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# I tried searching but apparently im an idiot. How do i read transmission fluid temperature?

I have an endurance road race Ford crown victoria and really need the automatic transmission temp. The ford ecu reports it, and the mx+ shows it, how do i get it on racechrono?

• edited August 9
The transmission oil temperature is not part of the standard OBD-II, so you'll need to add it as "Custom OBD-II channel" in RaceChrono's vehicle profile.

The OBDLink app probably has a database of custom PIDs for some manufacturers. These databases are expensive, so RaceChrono does not have it.

So the problem in RaceChrono is that you'll need to know the details, such as the PID. My advice is to find out the correct PID first, and then see what it outputs.

I can find several threads by Googling "Ford Transmission Temperature PID", but I cannot tell which ones you should try first.
• Ok, thank you. I assumed that it was standard obd-II and i just couldnt figure out why it wasnt listed or what i had done wrong.
• PID: 221E1C
Long Name: Transmission Temp
Short Name: Trans Temp
Minimum Value: -40
Maximum Value: 260
Unit Type: °F
Equation: (((signed(A)*256)+B)*(9/8)+320)/10

any reason why that equation doesnt work?
• edited August 13
The equation is from some other app, so it doesn't work for a reason. Here's the equation guide for RaceChrono: https://racechrono.com/support/equations

But I assume this is from Torque App. "A" means first byte and "B" the second byte of the response. Torque is a bit clunky, and to get a signed big endian 16-bit integer, you'll need to do "(signed(A)*256)+B". In RaceChrono you could do this by simply "bytesToInt(raw, 0, 2)".

The rest of the equation is about converting the value to Fahrenheit. RaceChrono want's the input in Celsius. If you do the math the "*(9/8)+320)/10" becomes "/16" as celsius.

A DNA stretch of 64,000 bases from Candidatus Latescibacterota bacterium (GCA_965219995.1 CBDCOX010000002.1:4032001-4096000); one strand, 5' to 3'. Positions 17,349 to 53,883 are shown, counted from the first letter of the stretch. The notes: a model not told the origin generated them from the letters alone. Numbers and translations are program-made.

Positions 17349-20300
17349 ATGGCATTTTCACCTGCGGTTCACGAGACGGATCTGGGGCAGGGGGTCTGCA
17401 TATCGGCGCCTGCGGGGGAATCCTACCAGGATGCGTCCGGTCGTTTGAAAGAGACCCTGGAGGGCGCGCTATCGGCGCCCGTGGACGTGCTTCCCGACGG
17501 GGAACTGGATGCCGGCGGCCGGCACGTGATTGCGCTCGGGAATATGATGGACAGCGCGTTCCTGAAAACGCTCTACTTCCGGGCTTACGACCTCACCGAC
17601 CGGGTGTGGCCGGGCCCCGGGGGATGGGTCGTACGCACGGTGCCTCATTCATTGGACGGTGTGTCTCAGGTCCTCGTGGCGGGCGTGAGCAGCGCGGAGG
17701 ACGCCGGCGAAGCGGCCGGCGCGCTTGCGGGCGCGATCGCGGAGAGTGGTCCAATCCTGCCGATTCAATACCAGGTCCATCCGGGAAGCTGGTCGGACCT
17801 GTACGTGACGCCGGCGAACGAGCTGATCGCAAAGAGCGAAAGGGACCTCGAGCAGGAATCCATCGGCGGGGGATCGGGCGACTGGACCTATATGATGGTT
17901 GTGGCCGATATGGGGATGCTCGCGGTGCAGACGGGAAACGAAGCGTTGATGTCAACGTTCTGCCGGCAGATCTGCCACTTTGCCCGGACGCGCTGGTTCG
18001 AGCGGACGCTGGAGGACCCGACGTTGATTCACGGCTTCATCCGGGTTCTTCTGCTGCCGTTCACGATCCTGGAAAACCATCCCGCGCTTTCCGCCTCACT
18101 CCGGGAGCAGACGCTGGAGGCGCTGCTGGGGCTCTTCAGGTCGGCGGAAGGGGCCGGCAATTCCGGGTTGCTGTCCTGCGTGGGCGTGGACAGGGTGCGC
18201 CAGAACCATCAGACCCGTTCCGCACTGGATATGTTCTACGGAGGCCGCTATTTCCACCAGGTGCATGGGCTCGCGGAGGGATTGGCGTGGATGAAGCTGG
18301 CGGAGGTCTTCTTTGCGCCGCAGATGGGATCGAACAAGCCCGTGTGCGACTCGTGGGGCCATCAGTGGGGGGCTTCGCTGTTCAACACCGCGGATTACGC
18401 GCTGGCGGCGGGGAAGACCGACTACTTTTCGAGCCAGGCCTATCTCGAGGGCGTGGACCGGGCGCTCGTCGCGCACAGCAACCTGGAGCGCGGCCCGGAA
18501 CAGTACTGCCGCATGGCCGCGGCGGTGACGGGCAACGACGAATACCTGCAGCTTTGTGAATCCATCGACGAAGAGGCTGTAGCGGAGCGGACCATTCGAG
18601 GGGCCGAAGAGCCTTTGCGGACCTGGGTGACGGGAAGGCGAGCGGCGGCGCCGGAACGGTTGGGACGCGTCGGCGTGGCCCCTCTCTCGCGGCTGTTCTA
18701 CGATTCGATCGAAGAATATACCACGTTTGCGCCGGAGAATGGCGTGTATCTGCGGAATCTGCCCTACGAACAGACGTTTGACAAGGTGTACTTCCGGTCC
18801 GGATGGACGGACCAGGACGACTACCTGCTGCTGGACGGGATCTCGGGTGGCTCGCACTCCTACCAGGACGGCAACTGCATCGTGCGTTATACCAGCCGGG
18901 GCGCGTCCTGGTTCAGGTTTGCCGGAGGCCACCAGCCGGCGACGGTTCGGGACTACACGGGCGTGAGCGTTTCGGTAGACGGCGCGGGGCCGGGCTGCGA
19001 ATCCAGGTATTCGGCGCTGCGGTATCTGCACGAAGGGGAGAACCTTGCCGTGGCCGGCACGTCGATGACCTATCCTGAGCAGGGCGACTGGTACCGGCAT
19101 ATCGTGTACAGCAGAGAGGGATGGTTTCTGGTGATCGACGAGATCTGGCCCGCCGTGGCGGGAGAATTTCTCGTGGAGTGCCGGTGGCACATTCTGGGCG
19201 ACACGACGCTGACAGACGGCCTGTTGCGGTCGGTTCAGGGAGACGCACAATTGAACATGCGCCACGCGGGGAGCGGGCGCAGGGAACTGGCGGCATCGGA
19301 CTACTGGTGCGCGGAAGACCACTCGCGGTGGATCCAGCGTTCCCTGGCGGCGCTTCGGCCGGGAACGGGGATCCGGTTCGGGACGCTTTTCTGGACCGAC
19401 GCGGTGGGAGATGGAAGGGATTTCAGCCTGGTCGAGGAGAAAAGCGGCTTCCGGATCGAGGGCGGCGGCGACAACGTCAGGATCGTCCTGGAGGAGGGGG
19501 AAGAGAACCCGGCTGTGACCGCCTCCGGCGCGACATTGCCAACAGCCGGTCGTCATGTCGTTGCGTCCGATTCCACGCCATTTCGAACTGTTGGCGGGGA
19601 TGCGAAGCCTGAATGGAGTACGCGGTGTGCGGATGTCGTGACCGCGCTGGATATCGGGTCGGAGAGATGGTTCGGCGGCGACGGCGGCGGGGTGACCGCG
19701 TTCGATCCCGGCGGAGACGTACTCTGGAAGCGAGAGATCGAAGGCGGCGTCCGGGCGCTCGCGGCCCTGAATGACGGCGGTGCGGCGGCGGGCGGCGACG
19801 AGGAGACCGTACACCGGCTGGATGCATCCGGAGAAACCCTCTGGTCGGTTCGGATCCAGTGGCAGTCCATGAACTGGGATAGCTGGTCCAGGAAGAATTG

In RaceChrono you can divide by integers, as well as decimal values. So if you want decimals in your result, you should divide by decimal number. So you want to divide by "16.0", so you will get decimals in the result.

Soo... The custom PID you're looking for is as follows in RaceChrono:

PID: 0x221E1C
Equation: bytesToInt(raw, 0, 2) / 16.0

• I have found that the response in Torque vs Racechrono are a bit different, and if the Torque equation was "A", you would need to use "B" in RC.

But as already mentioned, the native racechrono syntax is actually way more useful, especially for 2+ byte responses. That said, it may very well work if you used B and C in the original equation.
• Ok, that makes sense now that you explained it. I did read the support page but... yeah i got lost quick. Thank you again. I was turned on to RaceChrono from another team in the LuckyDog race league. They rely on it for the lap times since their car is often too fast and can inquire penalties for doing so.

Ive been talking to a few teams that want an incar lap time/gauge/gps solution and dont want to spend a fortune on AIM, Garmin, or Racelogic.
• @hkerekes well, most importantly, did it work?
• I added it under vehicle profile, OBD2 channels, and it says no data. Had to select gearbox temperature since that's all I saw

• Did you enable the "Test connection" mode?

• yeah, it shows the coolant temps, and other readings but still shows no data.

I also cant add it to the gauge layout at all. It only shows like 5 choices. Coolant temp, rpm, intake temp, and something else.
• Even after adding the custom channel, you need to select it as "Fast" or "Slow channel". The "Test connection" allows you to debug the added channels in the Vehicle Profile and Channel Editor screens, with live connection to the car. It makes sense to problem solve any new custom channel using the "Test connection" instead the actual session.
• i think i originally selected it as a fast channel and then as a slow channel.
I will try it again to make sure that i did it right, and then do the test connection.
• Checked everything again, had it under fast connection, enabled test and still no data
https://imgur.com/EaaeqPH

Thats a pic of the channel screen
• Then apparently 221E1C is the wrong PID 😐

• i did lots of digging and i believe the 221e1c is for newer cars, not my old 1996.

would forscan be any help here?
• edited August 15
TFT 1674 Transmission Fluid Temperature Input DEGREES
Trans fluid temp PID: 221674

either of those helpful? i really wish i understood how this worked. Totally feel dumb, that its easy i just cant wrap my head around it.
• edited August 16
Is there any evidence that your 1996 has at least a transmission fluid temperature sensor? Does it have a gauge?
1996 is when OBD-II was just introduced. It's very much possible that your car doesn't have many ECUs and PIDs of interest.